Drones banned in U.S. national parks because of safety, noise issues

The National Park Service has banned the use of unmanned aerial vehicles (UAVs) inside parks it manages, citing safety and noise concerns.

45 seconds read time

Unmanned aerial vehicles (UAVs) will no longer be allowed to fly over U.S. national parks, with concerns of safety and noise complaints. The ban covers all 84 million acres of land the National Park Service manages, so visitors won't be able to fly their drones while visiting parks.

Drones banned in U.S. national parks because of safety, noise issues | TweakTown.com

A visitor at the Grand Canyon National Park crashed into the canyon and disrupted park visitors observing a sunset. Later in the month, Zion National Park officials noted an unmanned aircraft frightened bighorn sheep at the park.

"We embrace many activities in national parks because they enhance visitor experiences with the iconic natural, historic and cultural landscapes in our care," said Jonathan Jarvis, National Park Service Director, in a press statement. "however, we have serious concerns about the negative impact that flying unmanned aircraft is having in parks, so we are prohibiting their use until we can determine the most appropriate policy that will protect park resources and provide all visitors with a rich experience."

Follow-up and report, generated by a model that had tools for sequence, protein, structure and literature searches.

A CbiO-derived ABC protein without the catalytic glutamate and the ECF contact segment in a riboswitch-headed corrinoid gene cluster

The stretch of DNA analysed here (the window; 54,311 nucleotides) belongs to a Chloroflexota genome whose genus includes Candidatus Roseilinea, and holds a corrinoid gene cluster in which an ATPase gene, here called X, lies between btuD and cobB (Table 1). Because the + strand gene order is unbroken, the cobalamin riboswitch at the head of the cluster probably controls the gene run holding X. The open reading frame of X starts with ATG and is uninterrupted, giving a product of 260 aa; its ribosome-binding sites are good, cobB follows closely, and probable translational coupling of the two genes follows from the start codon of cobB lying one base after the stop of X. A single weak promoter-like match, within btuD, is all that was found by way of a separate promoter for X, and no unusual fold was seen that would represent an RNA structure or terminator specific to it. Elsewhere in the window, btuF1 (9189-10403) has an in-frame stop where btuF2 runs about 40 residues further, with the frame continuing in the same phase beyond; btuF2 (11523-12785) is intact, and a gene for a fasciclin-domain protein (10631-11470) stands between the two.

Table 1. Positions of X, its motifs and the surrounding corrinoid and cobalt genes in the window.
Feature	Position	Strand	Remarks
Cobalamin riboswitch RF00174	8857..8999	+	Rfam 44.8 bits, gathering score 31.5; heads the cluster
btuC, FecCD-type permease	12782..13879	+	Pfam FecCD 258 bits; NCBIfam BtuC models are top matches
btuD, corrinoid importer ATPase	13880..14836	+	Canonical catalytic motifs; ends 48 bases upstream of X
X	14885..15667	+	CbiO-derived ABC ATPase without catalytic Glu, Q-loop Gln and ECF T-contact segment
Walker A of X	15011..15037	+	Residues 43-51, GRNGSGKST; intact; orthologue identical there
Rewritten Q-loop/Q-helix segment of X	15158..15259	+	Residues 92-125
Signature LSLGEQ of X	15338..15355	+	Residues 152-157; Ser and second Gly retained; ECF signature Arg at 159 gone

The Federal Aviation Administration (FAA) is looking to expand commercial drone use in the United States, but has received criticism over potential spying concerns.

An experienced tech journalist and marketing specialist, Michael joins TweakTown to cover everything from cars & electric vehicles to solar and green energy topics. A former Staff Writer at DailyTech, Michael is now the Cars & Electric Vehicles News Reporter and will contribute news stories on a daily basis. In addition to contributing here, Michael also runs his own tech blog, AlamedaTech.com, while he looks to remain busy in the tech world.

Newsletter Subscription

Related Tags